The Camino – Day Seven

Arzua to A Rua, 13 miles

My friend, Ada, met me in front of my hotel and away we went.

Since I began this journey on Saturday, I have encountered only four Americans and even less English-speaking people from other countries. Fortunately, my Spanish has held up pretty well, and Ada speaks excellent English. I am equally thankful that she speaks excellent Spanish and has helped me improve my conversational skills. Today, the Camino Frances on which we are walking joins the Camino Norte. There are many more walkers and many more English-speakers as well as German. The Camino is like a web that stretches across Central Europe. There are many routes that all converge at Santiago de Compestela where the remains of St. James rest in the cathedral. Despite the increase in pilgrims over the last 10 years, it is still only equivalent to the number of pilgrims who made the trek EACH year during medieval times.

Today’s thoughts really centered around the future. I have always been a goal setter and planner. Since Paul passed away, that has been much more difficult. I find my vision for the future cloudy. I think that is happening for three reasons. First, it is just very difficult for me to imagine or envision myself doing anything either trivial or significant without him. I literally can’t picture in my mind what that looks like although this adventure has certainly helped me gain some clarity. It’s just that since I was 18 years old, my plans for my whole life have included Paul. That’s a hard habit to break, my friends. Second, I mainly am just trying to get through the day most of the time. Thinking too far ahead feels overwhelming. I try to stay in the present to lessen anxiety, but that becomes counterproductive when I’m also trying to begin to consider long-term plans. Finally, the future feels less reliable, less trustworthy than it used to. We had 35 days from diagnosis to death. 35 days. So much for the plans we made.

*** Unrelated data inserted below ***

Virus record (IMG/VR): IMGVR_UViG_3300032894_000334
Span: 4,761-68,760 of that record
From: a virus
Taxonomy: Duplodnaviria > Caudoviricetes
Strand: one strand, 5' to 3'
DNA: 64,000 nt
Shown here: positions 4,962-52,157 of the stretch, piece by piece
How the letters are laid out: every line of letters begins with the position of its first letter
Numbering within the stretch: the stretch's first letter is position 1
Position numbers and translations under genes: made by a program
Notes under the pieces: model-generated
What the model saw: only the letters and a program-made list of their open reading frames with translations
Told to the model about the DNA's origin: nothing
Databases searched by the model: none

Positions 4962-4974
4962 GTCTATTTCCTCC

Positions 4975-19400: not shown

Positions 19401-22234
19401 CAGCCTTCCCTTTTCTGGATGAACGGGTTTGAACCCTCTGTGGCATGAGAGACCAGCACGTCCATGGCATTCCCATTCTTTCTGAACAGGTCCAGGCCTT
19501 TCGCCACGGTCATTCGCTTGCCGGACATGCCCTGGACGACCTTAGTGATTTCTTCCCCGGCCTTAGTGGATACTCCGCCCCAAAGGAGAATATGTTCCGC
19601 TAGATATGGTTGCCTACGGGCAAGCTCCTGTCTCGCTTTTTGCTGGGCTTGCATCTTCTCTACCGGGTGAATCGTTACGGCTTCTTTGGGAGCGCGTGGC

One thing that has helped… Back at home, I have a dream room. About nine or ten months after Paul died and when I was feeling well enough, I covered the walls of the dream room with butcher paper and began to brainstorm, writing down anything and everything I wanted to do, learn, and experience. Categories soon began to emerge like travel, possible career changes, bucket list items, and so much more. In terms of the grieving process, having something to look forward to, whether small or big, has been very important. Some days having something to look forward to has been the only thing that has kept me tethered to this life. As time has past and my outlook has improved, I have also noticed that making lists and plans has its place, but it is equally important to leave room for being open to how the universe is unfolding before me. “But, as it is written, ‘What no eye has see, nor ear hear, nor the heart of man imagined, what God has prepared for those who love him’-” 1 Corinthians 2:9